India has announced plans for deep-sea mining to meet its future requirements of rare earth minerals such as titanium, platinum, manganese, copper, cobalt and nickel.
These minerals are required for a variety of electronic goods such as lithium car batteries, solar panels, wind turbines, flat screen television, compact fluorescent light bulbs, and military components such as missile guidance systems.
“We have the capability to mine the ocean bed at a depth of 6,000 metres using our ship ‘Sagar Nidhi’. We are inducting two more ships, one acquired from a Korean shipyard and one built at Surat to augment our capabilities,” the Minister of State for Planning, Science and Technology and Earth Sciences, Mr Ashwani Kumar, said at a press conference here.
He said India was not looking at exploring the ocean bed for commercial profits but with a strategic purpose citing the strides made by China. “Countries like China have taken to deep sea mining with a strategic purpose. They are maintaining their presence in the high seas by claiming to undertake deep sea mining,” he said.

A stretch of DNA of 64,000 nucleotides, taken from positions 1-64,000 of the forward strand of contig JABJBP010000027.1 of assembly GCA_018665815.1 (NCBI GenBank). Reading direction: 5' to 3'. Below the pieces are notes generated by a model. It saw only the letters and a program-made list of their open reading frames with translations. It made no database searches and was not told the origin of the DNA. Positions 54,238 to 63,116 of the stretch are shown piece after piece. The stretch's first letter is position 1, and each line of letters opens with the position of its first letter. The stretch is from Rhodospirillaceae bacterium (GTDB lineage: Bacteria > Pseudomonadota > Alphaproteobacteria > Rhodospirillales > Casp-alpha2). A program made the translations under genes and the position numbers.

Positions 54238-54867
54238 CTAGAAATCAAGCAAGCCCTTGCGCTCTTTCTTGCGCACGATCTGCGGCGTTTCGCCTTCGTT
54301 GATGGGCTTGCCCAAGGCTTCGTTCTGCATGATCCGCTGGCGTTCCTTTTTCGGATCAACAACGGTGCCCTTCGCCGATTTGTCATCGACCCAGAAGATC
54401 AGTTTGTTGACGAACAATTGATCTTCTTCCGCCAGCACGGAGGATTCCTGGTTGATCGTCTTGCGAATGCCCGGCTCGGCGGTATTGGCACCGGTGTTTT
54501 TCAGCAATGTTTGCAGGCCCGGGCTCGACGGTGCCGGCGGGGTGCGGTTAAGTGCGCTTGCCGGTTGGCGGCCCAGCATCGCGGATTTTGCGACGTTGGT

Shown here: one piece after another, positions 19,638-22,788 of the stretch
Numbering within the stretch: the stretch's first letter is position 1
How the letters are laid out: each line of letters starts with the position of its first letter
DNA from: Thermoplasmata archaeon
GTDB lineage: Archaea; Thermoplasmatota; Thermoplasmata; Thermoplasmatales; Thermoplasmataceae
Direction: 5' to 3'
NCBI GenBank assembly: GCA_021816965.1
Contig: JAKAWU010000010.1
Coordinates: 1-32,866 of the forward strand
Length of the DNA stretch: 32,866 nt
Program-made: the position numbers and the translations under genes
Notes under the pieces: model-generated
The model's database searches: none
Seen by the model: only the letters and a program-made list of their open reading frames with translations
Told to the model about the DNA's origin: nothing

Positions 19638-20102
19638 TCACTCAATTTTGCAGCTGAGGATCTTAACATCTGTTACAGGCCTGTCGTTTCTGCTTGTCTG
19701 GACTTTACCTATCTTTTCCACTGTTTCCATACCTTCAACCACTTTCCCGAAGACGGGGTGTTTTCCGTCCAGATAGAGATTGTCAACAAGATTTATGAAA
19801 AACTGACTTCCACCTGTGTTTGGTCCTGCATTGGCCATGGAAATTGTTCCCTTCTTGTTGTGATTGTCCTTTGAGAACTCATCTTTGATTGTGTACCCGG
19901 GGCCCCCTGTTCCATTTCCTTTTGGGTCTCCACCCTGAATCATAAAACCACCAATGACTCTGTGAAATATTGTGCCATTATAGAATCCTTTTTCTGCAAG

Mr Kumar, who chaired a meeting of top officials to review the science sector, said moves were also afoot to enhance sea mining capabilities by refurbishing an old research vessel ‘Sagar Kanya’.
He said 200 scientists and 2,000 researchers will be identified to create the necessary internal eco-system, human resource and demand to promote and develop high-power computing and supercomputing.
The aim is to create an ecosystem where 25 per cent of the country is connected by supercomputer activity. “For this, a proposal has been received for establishing 200 centres connected over the National Knowledge Network,’ he said.
Also, BARC will acquire by 2014 peta flop capability through a cluster approach connected by a fibre optic switch. “This will enable modelling and simulation of high-speed nuclear process, including radiation modelling, coupled with atmospheric changes,” he added.